For Immediate Release
May 13, 2009
For Information Contact:
Gary Petty, NPTC
NPTC, UMTRI Release Truck Size and Weight Study
Arlington, VA – Increases in truck weight and length would have a direct beneficial effect on the challenges facing American businesses, according to a study conducted by the University of Michigan Transportation Research Institute that was commissioned by the National Private Truck Council.
Specifically, the study’s findings implied that significant improvements could be achieved in fuel consumption, cost, congestion, improved distribution efficiency, and driver availability by increasing the gross vehicle weight (GVW) up to 97,000 pounds on a six-axle tractor-semitrailer from its current 80,000-pound maximum while at the same time boosting cubic capacity through the use of LCVs (specifically, two 53-ft. trailers—“turnpike doubles”).
“For more than a decade, NPTC has supported modification of federal truck size and weight restrictions in a manner that will improve shipper and carrier productivity,” said Gary F. Petty, NPTC President and CEO. “While there has been ample anecdotal evidence in the private fleet community that larger trucks would mean greater productivity for the businesses operating them, there has not been, until now, a study that helps support the case for changes in the law based on an independent research analysis of a sample group of companies.”
The final report, “Analysis of the Potential Benefits of Larger Trucks for U.S. Businesses Operating Private Fleets ,” estimates a reduction in truck loads of 10% if the allowable weight was increased and 6% if LCV’s were permitted. If both strategies were implemented, then the estimated reduction in truck loads from the members surveyed would be 16%.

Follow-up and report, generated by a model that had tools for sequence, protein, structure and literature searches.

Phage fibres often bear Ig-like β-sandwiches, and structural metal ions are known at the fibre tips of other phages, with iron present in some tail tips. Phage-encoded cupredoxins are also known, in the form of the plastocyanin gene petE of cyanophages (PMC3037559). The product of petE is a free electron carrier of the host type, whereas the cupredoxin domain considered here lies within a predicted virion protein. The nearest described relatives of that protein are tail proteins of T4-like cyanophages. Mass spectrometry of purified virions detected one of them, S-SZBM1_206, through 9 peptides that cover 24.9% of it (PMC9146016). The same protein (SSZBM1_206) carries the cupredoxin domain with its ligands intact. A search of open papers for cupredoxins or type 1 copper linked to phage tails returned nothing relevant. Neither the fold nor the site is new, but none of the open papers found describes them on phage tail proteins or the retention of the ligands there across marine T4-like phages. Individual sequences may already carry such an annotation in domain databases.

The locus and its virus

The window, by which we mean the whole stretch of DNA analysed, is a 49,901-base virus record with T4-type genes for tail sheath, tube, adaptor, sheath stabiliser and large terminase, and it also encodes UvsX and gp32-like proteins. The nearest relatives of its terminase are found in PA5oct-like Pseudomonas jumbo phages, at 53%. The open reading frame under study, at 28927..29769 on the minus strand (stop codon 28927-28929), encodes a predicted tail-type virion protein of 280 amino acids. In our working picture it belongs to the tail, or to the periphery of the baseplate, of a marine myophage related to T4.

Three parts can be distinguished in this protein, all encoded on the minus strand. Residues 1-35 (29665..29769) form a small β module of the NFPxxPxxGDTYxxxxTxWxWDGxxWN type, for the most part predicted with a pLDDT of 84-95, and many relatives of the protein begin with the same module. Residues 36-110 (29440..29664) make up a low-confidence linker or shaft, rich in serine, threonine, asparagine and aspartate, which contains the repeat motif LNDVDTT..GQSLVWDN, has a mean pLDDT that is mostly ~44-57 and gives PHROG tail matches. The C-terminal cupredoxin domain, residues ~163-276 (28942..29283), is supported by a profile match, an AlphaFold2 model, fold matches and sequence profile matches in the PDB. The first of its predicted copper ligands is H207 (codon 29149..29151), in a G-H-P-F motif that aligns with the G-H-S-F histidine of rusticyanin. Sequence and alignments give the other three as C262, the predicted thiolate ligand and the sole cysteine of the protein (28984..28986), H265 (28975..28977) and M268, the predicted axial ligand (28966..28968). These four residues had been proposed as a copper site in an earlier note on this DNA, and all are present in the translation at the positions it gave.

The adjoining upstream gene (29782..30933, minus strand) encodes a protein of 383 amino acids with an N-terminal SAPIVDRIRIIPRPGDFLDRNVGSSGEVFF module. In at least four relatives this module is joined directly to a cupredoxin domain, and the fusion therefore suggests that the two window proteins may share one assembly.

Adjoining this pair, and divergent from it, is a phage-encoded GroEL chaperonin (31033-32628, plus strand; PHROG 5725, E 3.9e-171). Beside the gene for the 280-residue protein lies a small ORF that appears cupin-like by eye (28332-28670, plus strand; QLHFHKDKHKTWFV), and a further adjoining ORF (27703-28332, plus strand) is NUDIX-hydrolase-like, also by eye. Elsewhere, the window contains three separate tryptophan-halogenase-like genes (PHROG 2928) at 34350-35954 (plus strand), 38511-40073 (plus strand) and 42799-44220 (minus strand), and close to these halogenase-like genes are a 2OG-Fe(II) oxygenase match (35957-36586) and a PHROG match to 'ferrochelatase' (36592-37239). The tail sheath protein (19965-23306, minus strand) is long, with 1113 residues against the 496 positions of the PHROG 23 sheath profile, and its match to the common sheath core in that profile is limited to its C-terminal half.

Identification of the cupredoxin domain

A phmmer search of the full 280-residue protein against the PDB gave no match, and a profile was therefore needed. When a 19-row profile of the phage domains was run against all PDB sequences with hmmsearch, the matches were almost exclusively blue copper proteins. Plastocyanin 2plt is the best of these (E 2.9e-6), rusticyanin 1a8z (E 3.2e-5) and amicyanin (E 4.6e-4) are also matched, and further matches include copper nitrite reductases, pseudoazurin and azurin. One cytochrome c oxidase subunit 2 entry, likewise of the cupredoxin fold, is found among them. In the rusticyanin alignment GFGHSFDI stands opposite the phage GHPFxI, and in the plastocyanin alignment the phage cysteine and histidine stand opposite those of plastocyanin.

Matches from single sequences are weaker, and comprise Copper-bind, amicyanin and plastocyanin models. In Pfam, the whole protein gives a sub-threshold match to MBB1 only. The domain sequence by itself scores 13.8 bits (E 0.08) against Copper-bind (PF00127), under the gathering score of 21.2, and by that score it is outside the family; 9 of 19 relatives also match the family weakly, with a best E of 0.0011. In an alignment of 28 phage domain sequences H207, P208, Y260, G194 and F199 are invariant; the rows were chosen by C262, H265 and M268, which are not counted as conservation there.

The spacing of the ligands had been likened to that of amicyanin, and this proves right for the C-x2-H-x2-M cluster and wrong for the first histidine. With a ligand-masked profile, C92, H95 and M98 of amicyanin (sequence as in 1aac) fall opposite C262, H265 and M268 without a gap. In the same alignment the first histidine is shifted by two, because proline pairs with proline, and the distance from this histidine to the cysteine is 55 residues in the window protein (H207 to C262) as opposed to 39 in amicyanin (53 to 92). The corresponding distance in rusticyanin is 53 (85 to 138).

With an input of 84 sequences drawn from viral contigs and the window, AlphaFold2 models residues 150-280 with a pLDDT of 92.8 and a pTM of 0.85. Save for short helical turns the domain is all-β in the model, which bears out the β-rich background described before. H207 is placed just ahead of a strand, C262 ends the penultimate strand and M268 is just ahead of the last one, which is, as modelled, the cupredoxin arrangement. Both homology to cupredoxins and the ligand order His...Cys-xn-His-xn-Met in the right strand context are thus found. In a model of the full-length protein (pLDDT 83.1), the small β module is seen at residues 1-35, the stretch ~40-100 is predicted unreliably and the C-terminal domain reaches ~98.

The anticipated gains from increases in weight and length would be primarily from the cost of operations and vehicle miles traveled, though some companies will also gain from improved customer service, product mix, and reduced time to market.
“The major potential operating cost benefit of increased tractor-trailer weight or length would be reduced diesel fuel consumption from needing fewer shipments, either because a trailer that now weighs out could carry more cargo, or a company whose trailers frequently cube out could add a second trailer,” according to the UMTRI report. “The reduction in miles per gallon due to heavier or longer trucks would be greatly offset by the significant improvement in transport efficiency (amount of fuel used per cargo unit transported) and the reduction in total miles driven from making fewer shipments.”
Finally, the study concluded that fewer shipments would result in less traffic congestion, less fuel consumption and fewer emissions, particularly carbon dioxide (CO2 ), resulting from fewer truck trips, less congestion and fewer hours of idling. For the five companies in the study that could benefit from additional cargo weight of 14,000 pounds (97,000 GVW), their total annual fuel reduction is estimated at 10.8 million gallons, which would result in a reduction of 240 million pounds (120,000 tons) of CO2. For the three companies that would benefit from LCVs and would consume 23.8 million fewer gallons, it would be 528 million pounds (264,000 tons).
If the fuel consumption and emissions reduction benefits estimated for this study’s subset of vehicle fleets were representative of the national class 8 truck fleet, then the national annual diesel fuel reduction would be nearly three billion gallons and the amount of CO2 produced would be reduced by over 65.3 billion pounds (32.6 million tons).
Founded in 1939, the National Private Truck Council is the only national trade association exclusively representing the interests of the private truck industry and corporate/business private truck fleet management. NPTC is the premier marketplace of information, networking and skill building for private fleet professionals as it leads in shaping the future of corporate transportation.
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